I realise that the rolling news agenda can change extremely quickly in today’s media saturated world, but even this is slightly dramatic…
The Irish Times is the so-called “newspaper of record” in Ireland. It has a reputation for being Ireland’s leading print source of intellectual commentary and political analysis. It is widely regarded as maintaining impeccable journalistic standards and of being one of Europe’s leading newspapers. However, when it comes to alternative medicine, and homeopathy in particular, it has something of a weakness. Like many newspapers, the Irish Times appears to judge homeopathy as being immune from the normal standards of journalistic criticism (or, perhaps more likely, of being insufficiently important to warrant such rigour). This can almost be excused on the basis that any reader who is so ill-informed as to take the claims of homeopathy seriously should be willing to take responsibility for the outcome of such bogus treatments. However, when these readers are parents of vulnerable children, and when the Irish Times recommends that (inert) homeopathic treatments should be offered to children ahead of (effective) pharmacological ones, then we have a serious problem. Continue reading “The Irish Times: Promoting homeopathy, endangering children?”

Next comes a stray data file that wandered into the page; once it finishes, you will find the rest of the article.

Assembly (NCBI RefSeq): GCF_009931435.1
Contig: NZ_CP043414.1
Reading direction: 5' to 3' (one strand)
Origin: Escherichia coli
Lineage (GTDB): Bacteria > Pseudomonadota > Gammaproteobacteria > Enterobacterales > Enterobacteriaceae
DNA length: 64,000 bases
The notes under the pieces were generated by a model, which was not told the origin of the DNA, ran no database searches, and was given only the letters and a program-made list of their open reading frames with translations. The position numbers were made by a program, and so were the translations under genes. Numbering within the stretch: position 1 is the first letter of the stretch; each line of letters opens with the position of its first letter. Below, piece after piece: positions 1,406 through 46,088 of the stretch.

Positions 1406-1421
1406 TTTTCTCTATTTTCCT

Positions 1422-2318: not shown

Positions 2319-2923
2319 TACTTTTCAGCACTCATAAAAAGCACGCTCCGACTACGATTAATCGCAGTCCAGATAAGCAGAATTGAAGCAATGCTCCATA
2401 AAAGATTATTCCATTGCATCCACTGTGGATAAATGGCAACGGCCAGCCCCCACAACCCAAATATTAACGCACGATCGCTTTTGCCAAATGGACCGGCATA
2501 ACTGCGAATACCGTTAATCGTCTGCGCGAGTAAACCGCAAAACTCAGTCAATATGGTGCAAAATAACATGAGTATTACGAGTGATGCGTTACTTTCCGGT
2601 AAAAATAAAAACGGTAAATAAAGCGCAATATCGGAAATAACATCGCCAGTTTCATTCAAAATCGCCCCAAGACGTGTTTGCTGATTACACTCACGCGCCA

One of the most troubling aspect of this newspaper story — “I’d lost my baby then somehow fell pregnant thanks to acupuncture”– is knowing quite where to begin discussing it (although I know I should start by thanking @johnbirrane for tweeting it to me). The story appeared in the “Mothers & Babies” section of today’s Irish Independent. In short, it describes the experience of a 44-year-old woman who recently gave birth to her second child. The focus of the story is that she believes her pregnancy to have been assisted by acupuncture, as prior to receiving the treatment she had serious difficulty in conceiving successfully. While acknowledging that this news story concerns an event of great joy for the mother concerned, it has to be said that, as a whole, it consists almost entirely of specious concepts held together by spurious reasoning.
Continue reading ““Pregnant thanks to acupuncture””